17%, for the three months ended August 31, 2022, compared to the same period in
the prior year primarily due to a reduction in stock-based compensation expense
and legal fees, offset by an increase in salaries, benefits, and other
compensation. The decrease in stock-based compensation expense was the result of
fewer equity awards granted during the three months ended August 31, 2022. Legal
fees decreased due to legal expenses paid by the Company's insurance carrier.
The increase in salaries, benefits, and other compensation was the result of a
reclassification in the three-months ended August 31, 2021 of approximately $1.6
million of previously accrued incentive compensation to stock-based compensation
due to the compensation being issued in shares of common stock.

Research and development costs

Research and development costs consist of the following items:

                                    Three months ended August 31,                 Change
(in thousands)                      2022                   2021                 $            %
Clinical                        $          20       $            9,227     $   (9,207)     (100)
CMC                                       323                    2,559         (2,236)      (87)
License and patent fees                   233                      234             (1)       (0)
Total research and development  $         576       $           12,020    

($11,444) (95)


For the three months ended August 31, 2022, research and development expenses
decreased approximately $11.4 million, or 95%, compared to the same period last
year, primarily due to lower clinical trial expenses as a result of clinical
trials related to US COVID-19, oncology, and NASH having been completed that
were active in the same period last year; the pausing of the Brazilian COVID-19
trials; and the closing of HIV extension studies in March 2022 due to clinical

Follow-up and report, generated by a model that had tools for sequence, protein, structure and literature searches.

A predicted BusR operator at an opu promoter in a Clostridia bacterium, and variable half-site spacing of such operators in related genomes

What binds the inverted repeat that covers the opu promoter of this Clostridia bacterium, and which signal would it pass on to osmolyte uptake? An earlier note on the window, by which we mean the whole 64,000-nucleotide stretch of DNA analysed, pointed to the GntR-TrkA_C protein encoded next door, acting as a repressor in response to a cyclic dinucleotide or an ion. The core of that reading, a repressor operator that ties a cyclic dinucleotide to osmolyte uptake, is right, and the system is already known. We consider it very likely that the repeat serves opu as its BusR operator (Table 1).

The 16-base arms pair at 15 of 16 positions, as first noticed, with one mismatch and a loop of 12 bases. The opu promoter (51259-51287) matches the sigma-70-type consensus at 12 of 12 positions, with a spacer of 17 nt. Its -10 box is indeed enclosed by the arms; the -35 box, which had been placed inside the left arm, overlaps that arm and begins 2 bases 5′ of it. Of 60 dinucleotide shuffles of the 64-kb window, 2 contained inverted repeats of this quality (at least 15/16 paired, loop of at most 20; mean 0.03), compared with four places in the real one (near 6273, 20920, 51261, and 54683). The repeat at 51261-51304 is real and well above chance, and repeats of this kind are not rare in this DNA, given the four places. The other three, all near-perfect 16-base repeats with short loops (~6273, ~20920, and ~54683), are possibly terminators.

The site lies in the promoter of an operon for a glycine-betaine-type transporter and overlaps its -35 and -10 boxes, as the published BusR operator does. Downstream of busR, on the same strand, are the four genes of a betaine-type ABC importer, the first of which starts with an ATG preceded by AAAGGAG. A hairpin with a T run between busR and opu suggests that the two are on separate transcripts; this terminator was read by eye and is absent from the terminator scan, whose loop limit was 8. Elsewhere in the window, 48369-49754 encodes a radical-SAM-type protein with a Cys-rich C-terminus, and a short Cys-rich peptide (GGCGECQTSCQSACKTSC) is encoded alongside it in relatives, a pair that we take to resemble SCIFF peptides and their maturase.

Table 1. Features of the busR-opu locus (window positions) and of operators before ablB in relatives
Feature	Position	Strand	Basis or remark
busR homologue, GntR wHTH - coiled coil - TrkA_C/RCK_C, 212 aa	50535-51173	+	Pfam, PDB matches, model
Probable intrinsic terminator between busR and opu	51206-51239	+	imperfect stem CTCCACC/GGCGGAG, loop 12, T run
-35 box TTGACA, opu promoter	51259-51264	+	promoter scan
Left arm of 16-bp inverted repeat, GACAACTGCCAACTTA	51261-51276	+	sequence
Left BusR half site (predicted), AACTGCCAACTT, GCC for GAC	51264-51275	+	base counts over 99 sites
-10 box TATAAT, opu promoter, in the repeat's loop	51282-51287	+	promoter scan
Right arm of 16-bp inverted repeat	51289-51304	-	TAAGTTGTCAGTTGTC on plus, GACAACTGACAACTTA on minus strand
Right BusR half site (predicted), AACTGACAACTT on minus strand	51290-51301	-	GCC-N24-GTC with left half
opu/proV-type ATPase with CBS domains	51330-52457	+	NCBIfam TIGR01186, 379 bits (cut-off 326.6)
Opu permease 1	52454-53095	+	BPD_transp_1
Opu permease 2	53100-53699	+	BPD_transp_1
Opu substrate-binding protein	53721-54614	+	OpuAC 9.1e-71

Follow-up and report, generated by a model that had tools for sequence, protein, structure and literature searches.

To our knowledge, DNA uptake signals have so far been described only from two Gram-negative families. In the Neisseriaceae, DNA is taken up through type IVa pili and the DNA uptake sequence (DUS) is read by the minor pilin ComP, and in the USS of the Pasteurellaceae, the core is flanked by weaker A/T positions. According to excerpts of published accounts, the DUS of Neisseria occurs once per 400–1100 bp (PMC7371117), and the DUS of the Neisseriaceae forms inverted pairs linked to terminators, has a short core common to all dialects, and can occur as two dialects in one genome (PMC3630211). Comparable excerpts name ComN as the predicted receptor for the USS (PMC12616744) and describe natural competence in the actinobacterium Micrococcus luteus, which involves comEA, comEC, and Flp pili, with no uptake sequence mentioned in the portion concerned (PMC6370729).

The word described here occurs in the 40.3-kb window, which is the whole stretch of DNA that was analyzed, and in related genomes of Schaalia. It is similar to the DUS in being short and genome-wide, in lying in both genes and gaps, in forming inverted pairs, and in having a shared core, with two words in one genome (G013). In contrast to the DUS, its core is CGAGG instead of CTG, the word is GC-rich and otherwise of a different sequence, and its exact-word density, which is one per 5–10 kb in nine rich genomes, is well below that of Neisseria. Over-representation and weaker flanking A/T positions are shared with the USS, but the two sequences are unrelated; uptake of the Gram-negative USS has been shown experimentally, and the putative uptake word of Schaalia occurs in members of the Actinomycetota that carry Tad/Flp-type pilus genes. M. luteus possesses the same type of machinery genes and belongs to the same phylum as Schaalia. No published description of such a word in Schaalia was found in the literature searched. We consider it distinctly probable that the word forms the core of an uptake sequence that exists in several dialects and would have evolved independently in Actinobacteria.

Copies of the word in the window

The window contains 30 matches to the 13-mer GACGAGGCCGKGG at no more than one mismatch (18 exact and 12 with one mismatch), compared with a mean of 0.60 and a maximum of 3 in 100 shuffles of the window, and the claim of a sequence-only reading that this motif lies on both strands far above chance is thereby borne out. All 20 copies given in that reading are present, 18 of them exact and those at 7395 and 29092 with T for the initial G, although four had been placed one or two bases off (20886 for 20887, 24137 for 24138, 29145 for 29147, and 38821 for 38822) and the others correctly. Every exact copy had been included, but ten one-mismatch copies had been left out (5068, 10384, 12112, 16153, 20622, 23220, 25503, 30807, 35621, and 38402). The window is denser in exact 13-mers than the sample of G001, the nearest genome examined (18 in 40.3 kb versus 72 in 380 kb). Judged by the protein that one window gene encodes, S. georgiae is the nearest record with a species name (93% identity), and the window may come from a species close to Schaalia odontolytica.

holds placed on the Company by the FDA. The future trend of such expenses is
dependent on the timing of FDA clearance from the clinical holds, the future
clinical development of leronlimab in the treatment of HIV, NASH, NASH-HIV and
oncology, the outcome of pre-clinical studies for additional cancer indications,
the outcome or cessation of the Brazilian COVID-19 trials, and the feasibility
of the resubmission of the clinical section of the BLA. The decrease in
CMC-related expenses from the same period last year was the result of the
Company having concluded the majority of its CMC manufacturing and HIV BLA
related activities in the prior year.

Amortization and depreciation charges

Amortization and depreciation expense totaled approximately $0.1 million for the
three months ended August 31, 2022, a decrease of approximately $0.2 million, or
64% from the same period in the prior year. The decrease was

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attributable to the intangible write-off of a proprietary algorithm intangible
asset during the fiscal year ended May 31, 2021 and the ProstaGene noncompete
intangible asset becoming fully amortized as of November 30, 2021, resulting in
decreased amortization expense of intangibles.

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Interest and other expense

Interest and other charges consisted of the following items:

                                 Three months ended August 31,              Change